According to data gathered by the Tree Care Industry Association, tree trimming accidents led to the deaths of approximately 580 workers nationwide, between 2009 and 2015. Reportedly, the Occupational Safety and Health Administration is concerned about the high number of workplace fatalities in this industry, including in Missouri, and the agency is working on developing safety rules for arborists. Another worker recently died after a work accident in which a falling branch struck him.
According to a police report, the incident occurred in a neighboring state after a tree service was contracted to cut down a tree at a private residence on a recent Saturday afternoon. Shortly after 1 p.m., one worker was struck by a limb of the tree that was cut off by a co-worker who was up in the tree. The injured worker was rushed to a medical facility, but he was pronounced dead less than 15 minutes after the accident.
Although no safety regulations exist that are specific to the tree-trimming industry yet, OSHA says basic safety procedures for circumstances in which there are dangers of falling objects striking workers must be followed. Drop zones must be established, and workers must be trained in the safety protocols related to entering drop zones. Personal protective equipment must be provided, such as hard hats to provide protection for the workers at lower levels than those cutting down the trees and safety harnesses to protect workers who fall from trees.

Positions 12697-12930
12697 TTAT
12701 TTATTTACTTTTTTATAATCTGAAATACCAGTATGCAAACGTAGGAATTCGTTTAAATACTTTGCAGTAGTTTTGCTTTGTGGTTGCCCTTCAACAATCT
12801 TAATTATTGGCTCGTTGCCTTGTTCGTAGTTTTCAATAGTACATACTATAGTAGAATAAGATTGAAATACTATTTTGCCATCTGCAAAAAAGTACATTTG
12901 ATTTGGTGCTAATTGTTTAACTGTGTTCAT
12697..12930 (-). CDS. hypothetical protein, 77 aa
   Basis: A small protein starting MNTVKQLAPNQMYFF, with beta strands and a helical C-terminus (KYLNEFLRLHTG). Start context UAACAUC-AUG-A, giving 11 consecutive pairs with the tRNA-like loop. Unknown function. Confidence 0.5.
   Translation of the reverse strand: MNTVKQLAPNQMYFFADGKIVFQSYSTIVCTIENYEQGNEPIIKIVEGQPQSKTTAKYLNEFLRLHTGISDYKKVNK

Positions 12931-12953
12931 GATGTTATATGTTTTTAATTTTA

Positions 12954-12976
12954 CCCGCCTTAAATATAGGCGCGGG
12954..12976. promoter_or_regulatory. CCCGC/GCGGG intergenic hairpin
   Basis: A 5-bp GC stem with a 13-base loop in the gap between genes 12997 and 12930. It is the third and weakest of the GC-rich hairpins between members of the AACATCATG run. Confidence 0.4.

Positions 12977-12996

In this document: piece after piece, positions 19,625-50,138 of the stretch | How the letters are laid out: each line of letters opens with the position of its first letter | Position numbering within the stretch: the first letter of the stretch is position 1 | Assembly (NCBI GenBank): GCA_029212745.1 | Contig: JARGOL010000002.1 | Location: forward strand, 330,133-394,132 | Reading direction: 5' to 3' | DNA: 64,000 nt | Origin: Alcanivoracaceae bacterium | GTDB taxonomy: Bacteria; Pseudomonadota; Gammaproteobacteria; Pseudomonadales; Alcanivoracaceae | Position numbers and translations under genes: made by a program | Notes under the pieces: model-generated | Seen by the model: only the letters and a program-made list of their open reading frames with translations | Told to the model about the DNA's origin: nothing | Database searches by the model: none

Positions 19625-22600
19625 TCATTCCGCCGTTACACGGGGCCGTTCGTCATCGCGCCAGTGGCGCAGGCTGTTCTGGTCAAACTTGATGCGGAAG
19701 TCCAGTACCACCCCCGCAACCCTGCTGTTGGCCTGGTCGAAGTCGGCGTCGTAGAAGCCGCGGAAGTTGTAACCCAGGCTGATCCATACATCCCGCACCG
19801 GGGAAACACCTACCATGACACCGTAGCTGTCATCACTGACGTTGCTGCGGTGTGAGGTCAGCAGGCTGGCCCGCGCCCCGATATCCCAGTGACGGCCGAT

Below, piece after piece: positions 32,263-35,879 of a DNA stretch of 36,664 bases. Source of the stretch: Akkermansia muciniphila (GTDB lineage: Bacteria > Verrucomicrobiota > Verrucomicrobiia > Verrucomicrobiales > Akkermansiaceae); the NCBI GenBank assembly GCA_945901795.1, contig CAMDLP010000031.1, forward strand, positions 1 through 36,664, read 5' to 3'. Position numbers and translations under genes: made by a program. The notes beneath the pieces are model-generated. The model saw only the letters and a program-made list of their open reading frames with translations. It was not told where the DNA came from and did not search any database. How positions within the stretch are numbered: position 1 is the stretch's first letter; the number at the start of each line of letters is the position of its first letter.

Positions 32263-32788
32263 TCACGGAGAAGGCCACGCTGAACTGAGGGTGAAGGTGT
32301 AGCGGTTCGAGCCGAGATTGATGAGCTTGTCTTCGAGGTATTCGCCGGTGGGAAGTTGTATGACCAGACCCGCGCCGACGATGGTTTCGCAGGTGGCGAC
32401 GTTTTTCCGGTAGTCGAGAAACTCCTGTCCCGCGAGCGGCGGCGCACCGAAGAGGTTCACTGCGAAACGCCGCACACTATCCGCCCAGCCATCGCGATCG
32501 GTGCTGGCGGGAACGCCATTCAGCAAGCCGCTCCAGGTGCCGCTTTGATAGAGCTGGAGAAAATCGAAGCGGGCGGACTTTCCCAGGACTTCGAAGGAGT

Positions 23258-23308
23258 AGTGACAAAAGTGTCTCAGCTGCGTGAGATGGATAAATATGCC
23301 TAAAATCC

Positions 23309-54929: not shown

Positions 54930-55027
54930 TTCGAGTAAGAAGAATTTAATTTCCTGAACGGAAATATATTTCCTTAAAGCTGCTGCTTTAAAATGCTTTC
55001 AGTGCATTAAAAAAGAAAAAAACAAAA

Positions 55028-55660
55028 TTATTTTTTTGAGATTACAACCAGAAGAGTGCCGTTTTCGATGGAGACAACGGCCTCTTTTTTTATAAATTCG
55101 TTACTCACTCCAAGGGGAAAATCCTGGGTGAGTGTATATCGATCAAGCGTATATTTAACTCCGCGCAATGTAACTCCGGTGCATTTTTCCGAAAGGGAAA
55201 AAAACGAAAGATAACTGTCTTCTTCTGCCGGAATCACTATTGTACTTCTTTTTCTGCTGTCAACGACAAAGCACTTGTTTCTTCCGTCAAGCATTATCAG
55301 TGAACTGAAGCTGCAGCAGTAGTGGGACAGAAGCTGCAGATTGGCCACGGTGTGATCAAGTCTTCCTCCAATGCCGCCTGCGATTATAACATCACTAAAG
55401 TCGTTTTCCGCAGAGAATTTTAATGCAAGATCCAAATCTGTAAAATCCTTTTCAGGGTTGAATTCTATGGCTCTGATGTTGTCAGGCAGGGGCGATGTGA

The surviving family members of this 20-year-old worker who was killed in a work accident will have to cope with the high costs of a funeral and burial. Fortunately, the Missouri workers’ compensation insurance system allows dependents of workplace fatality victims to pursue claims for death benefits. Along with coverage of end-of-life expenses, the insurance program also provides compensation for lost wages in the form of a financial package that is based on the deceased worker’s average weekly remuneration.